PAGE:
The Russian Defense Ministry released a video clip and photos of Tuesday's joint exercise with China along with a statement saying that the mission was aimed at developing Russia-China military cooperation and was not directed at any third country.
The United States has weighed in too sources at the State Department telling VOA that the U.S. strongly supports South Korea and its concerns about the provocative air operations.
The source also said that the U.S. will continue to monitor the situation and discourage attempts to destabilize the region, calling America's commitment to the defense of its allies "ironclad".
Seoul's Joint Chiefs of Staff said Tuesday that a total of 19 military aircraft from Russia and China entered the air defense identification zone, known as KADIZ, though they said the planes did not violate South Korea's airspace.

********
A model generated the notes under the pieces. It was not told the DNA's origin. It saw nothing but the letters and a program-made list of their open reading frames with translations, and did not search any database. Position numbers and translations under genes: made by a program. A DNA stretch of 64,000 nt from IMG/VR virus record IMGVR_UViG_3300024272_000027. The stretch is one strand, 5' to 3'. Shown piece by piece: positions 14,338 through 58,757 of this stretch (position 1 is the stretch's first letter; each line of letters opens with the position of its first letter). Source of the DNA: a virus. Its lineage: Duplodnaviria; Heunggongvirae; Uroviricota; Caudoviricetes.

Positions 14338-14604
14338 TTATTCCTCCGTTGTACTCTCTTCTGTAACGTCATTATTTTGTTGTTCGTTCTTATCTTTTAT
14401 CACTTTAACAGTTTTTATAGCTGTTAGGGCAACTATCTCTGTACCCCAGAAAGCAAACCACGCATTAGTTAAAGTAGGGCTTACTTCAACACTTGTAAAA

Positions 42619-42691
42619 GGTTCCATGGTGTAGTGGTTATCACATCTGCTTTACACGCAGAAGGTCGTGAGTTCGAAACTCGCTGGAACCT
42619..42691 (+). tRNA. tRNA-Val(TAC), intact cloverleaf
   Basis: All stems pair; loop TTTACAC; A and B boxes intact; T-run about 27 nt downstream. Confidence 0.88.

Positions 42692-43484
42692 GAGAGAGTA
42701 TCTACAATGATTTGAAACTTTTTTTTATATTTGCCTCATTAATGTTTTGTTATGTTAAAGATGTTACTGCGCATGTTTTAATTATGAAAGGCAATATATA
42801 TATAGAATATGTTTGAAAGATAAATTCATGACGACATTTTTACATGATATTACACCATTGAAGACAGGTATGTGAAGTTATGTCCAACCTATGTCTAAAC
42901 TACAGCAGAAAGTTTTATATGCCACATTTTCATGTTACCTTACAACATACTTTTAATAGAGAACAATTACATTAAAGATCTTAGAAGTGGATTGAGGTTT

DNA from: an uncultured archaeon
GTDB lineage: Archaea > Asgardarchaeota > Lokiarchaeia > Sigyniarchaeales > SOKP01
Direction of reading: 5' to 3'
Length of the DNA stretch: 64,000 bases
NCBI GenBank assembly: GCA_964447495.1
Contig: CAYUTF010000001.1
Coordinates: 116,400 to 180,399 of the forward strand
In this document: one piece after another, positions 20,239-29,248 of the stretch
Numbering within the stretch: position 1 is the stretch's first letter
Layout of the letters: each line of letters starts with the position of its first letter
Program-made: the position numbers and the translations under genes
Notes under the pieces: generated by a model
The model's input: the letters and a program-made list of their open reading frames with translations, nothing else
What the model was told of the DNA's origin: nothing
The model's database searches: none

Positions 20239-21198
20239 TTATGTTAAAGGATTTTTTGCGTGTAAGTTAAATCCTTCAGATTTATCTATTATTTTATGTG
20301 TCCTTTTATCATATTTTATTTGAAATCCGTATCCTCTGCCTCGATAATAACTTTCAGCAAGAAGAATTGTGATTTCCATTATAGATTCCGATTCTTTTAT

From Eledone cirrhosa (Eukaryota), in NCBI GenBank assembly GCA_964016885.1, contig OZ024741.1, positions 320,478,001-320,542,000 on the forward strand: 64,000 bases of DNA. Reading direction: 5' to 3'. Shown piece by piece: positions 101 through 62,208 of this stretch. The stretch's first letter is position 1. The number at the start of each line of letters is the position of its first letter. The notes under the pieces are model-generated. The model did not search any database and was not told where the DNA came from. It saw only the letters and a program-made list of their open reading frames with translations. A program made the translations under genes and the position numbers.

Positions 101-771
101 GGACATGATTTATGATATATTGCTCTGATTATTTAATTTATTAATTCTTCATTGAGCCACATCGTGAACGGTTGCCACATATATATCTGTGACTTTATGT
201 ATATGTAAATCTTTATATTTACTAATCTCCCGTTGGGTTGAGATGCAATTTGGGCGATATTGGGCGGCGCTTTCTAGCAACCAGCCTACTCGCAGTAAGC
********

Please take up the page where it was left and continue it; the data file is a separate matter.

The South Korean Air Force scrambled fighter jets, as did Japan, which says some planes entered its ID zone too.
Observers say the latest joint exercise by China and Russia is aimed at putting pressure on America and its allies ahead of a new U.S. administration set to start next month.
In a phone conversation Tuesday with his Russian counterpart, Chinese foreign minister Wang Yi condemned the U.S. for in his words "wielding the stick of unilateral sanctions" out of step with the times, and he emphasized Beijing-Moscow cooperation.
Russian foreign minister Sergey Lavrov said that the two countries firmly oppose what he called the undermining of multilateralism by the U.S. and that they will defend their common interests.
Yoon Jung-min, Arirang News.